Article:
Preventative health care is vital to women’s health and asking the right questions leads to better care.
In part one, we examined how medical research has not only excluded women in the emergence of modern medicine but how, even today, the progress is slow. Join us in today’s post as we continue the conversation and arm you with critical questions to ask your doctor.
The Slow, But Changing Medical Research For Women
Since the 1980s, there has been some change in medical policies that include women and women of minorities which has led to the discoveries of how cardiovascular disease affects women differently in addition to the risks associated with hormone replacement therapy.
While women are being included, the breadth in which they are is undetermined. The FDA made an inclusive move when it was found that women were regularly overdosing on Ambien and conducted a simulated study to see how it is metabolized in women. It was then announced that the FDA takes sex differences seriously in science and will begin to provide data to medical drugs and products to better include women.
How Women Can Advocate For Their Health
Medical research for women is slowly progressing, so advocating for their health is something that must be done as it leads to better care and healthier outcomes. Sometimes when we are faced with health issues, we have questions but we don’t know the right ones to ask. Below are vital questions to address with your doctor.
I have been feeling extremely anxious, irritable, and not like my normal self, do you think I have a metal concern?
Emotional wellness is just as crucial as physical wellness, so addressing this with your doctor is very important. If you have been experiencing any of the above (or other emotional concerns), talk with your doctor and advocate for your mental health.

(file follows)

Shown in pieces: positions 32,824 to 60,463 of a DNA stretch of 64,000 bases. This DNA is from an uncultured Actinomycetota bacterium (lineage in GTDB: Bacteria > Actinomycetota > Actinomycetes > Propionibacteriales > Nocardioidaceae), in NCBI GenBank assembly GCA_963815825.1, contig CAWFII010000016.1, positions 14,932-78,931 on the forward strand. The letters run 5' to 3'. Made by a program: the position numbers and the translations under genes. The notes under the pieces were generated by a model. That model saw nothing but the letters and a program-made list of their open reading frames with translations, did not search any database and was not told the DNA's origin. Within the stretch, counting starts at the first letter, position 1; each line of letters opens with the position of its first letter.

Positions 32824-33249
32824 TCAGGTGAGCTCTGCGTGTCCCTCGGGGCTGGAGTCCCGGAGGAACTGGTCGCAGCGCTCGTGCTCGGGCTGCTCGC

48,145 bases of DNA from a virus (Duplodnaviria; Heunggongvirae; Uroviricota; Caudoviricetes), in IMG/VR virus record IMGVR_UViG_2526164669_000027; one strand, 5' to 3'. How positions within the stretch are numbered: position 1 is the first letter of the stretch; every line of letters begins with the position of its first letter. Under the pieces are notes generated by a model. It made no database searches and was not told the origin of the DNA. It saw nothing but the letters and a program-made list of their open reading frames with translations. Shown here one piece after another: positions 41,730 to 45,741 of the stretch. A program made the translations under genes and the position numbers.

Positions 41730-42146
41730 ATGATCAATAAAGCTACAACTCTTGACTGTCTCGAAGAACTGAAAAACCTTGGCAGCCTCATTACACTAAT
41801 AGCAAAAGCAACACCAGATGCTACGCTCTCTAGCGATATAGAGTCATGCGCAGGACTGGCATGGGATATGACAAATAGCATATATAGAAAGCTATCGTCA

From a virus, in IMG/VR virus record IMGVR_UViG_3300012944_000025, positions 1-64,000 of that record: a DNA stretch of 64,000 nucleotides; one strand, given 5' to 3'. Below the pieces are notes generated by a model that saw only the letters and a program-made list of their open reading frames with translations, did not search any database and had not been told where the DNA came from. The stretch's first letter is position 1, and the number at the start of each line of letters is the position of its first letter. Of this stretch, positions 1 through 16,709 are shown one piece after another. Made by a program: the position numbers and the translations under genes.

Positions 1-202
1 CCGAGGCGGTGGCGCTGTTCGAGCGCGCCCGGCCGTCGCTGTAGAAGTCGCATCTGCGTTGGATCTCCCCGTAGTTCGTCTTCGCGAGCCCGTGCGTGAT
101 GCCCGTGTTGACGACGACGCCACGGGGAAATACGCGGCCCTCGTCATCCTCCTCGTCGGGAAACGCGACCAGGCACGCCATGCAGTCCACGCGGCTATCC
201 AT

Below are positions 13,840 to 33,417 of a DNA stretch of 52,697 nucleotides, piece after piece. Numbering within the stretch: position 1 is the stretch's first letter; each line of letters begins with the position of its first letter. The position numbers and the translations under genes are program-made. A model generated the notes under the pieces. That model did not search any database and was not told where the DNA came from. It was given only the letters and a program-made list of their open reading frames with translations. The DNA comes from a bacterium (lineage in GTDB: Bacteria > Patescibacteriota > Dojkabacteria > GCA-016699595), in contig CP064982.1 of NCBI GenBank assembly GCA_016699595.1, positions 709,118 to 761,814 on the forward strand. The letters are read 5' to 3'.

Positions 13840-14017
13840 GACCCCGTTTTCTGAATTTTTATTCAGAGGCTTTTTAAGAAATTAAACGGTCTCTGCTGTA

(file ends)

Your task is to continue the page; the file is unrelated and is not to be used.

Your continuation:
I am on various medications including X, Y, and Z, do they interact with each in any way? Can you show me support of this if they do?
Medications by themselves have a whole laundry list side effects, so when you combine two or more there may be many contraindications. Talk with your doctor about the risks and try to make a plan in getting off a couple of the medications, if possible.
Do I have any STDs/STIs?
This is an important question for most age groups who are healthy enough to engage in sexual activity. It has been found people 45 and older have STD/STI rates that continue to climb every year, so it is not just a concern for the younger generations. If you are sexually active, get tested!
What kind of screening or tests do I need for my age group?
Whether you have a family history for a specific health concern or not, it is important to advocate for preventative screenings and diagnostics to stay healthy. Ask about when you should start getting Well Woman exams, mammograms, and a DEXA scan.
With the lack of medical research on women as examined in detail in part one of this series, knowing the right questions to ask to advocate for your health is imperative.
These questions are just the beginning! Stay tuned for even more questions to ask your doctor!